6
Scratch pad
5

Cache, 2way, 4GB space

Cache, 2way, 16 MB space


Cache, 2way, 1 MB space

3
2
1
0
256

512

1024

2048

4096

8192

16384

me mory size

Energy consumption in tags, comparators, and muxes is significant


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AdvCompArch Embedded Memory Systems

Ienne 2003-08

Source: B
Banakar et al., IEEE 200
02

Timing Predictability

Most memory hierarchies (i.e.,


(i e caches) for PC-like
PC like systems designed for
good average case, not for good worst case behavior

Worst case execution time


(WCET) larger than
without cache

G.721 using unified


cache
h on a ARM7TDMI
22

AdvCompArch Embedded Memory Systems

Ienne 2003-08

Sourrce: Marwede
el, 2007

Many embedded systems are real-time systems: computations must be


finished in a given amount of time

Scratchpad Memory
Embedded processor
processor-based
based system
Processor core
Embedded memory

Instruction and Data Cache


Embedded SRAM
Embedded DRAM

Scratch Pad Memory

Design problems
1. How much on-chip memory?
2 Partitioning of on-chip
2.
on chip memory in cache and scratchpad?
3. Which variables/arrays in the scratchpad?

Goals
Improve performance
Save power

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AdvCompArch Embedded Memory Systems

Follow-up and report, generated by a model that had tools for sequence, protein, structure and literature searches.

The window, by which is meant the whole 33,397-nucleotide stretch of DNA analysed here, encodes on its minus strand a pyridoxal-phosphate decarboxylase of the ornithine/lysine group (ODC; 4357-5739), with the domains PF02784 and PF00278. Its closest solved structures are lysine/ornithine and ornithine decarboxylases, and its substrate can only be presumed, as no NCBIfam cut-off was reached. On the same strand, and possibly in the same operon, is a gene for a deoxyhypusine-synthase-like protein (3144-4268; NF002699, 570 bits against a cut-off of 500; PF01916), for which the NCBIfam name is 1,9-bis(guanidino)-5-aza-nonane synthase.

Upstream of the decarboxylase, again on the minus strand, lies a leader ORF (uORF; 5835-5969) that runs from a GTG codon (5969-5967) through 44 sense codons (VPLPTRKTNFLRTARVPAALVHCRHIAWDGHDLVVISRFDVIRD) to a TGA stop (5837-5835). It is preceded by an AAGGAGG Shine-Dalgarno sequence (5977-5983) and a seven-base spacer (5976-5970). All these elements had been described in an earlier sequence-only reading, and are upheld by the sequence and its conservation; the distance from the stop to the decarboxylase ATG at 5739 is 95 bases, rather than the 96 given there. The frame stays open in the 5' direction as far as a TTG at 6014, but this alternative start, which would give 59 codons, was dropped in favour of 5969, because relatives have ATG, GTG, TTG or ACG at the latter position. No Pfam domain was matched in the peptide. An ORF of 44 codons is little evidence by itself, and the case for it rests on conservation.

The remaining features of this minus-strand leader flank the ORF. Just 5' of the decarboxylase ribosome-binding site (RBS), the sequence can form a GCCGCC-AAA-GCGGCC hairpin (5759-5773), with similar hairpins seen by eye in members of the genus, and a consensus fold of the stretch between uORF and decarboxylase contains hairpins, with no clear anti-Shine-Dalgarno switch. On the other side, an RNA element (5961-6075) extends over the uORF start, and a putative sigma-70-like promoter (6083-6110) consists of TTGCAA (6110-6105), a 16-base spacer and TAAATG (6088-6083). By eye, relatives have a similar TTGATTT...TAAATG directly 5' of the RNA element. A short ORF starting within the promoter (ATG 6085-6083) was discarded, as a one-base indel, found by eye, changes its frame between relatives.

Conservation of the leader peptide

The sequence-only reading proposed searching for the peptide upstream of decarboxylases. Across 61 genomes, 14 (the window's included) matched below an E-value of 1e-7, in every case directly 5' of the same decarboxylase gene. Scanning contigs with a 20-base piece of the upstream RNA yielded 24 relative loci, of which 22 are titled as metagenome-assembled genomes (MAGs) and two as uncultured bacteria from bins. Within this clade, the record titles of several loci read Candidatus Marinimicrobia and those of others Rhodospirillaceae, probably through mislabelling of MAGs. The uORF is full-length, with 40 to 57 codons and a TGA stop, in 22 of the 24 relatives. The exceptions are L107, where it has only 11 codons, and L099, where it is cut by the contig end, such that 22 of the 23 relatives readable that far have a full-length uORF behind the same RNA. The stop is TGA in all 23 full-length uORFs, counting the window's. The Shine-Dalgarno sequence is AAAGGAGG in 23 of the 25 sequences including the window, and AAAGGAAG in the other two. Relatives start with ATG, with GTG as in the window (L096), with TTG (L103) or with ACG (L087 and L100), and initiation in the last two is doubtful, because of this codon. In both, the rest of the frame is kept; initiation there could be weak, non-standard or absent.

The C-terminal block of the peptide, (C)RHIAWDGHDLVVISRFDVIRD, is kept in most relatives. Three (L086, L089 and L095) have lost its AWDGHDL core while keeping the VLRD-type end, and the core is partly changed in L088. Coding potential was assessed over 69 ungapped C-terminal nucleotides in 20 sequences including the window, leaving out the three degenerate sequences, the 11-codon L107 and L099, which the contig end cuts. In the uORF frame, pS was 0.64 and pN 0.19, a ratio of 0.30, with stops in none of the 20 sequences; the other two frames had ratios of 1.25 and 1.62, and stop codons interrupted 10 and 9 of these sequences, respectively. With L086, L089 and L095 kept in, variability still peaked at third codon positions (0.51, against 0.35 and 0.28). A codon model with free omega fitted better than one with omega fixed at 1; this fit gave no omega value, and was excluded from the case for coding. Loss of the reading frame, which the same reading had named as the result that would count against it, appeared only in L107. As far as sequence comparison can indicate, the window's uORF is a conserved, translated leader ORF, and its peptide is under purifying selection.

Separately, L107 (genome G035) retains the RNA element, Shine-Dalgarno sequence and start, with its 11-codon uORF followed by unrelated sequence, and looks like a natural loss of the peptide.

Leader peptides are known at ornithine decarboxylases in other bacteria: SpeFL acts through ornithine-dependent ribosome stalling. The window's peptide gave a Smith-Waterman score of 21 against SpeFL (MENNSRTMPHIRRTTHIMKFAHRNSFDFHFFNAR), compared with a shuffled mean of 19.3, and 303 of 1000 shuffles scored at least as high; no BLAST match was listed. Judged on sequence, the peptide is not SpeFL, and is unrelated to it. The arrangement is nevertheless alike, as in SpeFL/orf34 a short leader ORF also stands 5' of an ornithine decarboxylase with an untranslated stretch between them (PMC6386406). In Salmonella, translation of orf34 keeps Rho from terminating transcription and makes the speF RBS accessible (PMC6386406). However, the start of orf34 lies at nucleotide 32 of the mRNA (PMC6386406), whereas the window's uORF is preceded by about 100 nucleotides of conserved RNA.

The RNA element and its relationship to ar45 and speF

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Architecture Exploration
Explore exhaustively the design space
Requires an algorithm to perform partitioning between
on- and off-chip
on
off chip memory

Algorithm Memory Explore


for On-chip Memory Size T (in powers of 2)
for Cache Size C (in powers of 2, < T)
SRAM Size S = T - C
Data Partition (S)
for line size L (in powers of 2
2, < C,
C < MaxLine)
Estimate Memory Performance (T, C, S)
p
goals
g
Select ((T,, C,, S,, L)) which maximize optimisation
24

AdvCompArch Embedded Memory Systems

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[Example: Histtogram]

Variation of On-chip Memory


Allocation

Effect of different ratios scratchpad/cache sizes


T t l on-chip
Total
hi memory size
i = 2 KB
25

AdvCompArch Embedded Memory Systems

Ienne 2003-08

[Example: Histtogram]

Variation of Total On-chip Memory

Effect of on-chip
on chip memory size
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AdvCompArch Embedded Memory Systems

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Data Partitioning (I)


procedure Histogram_Evaluation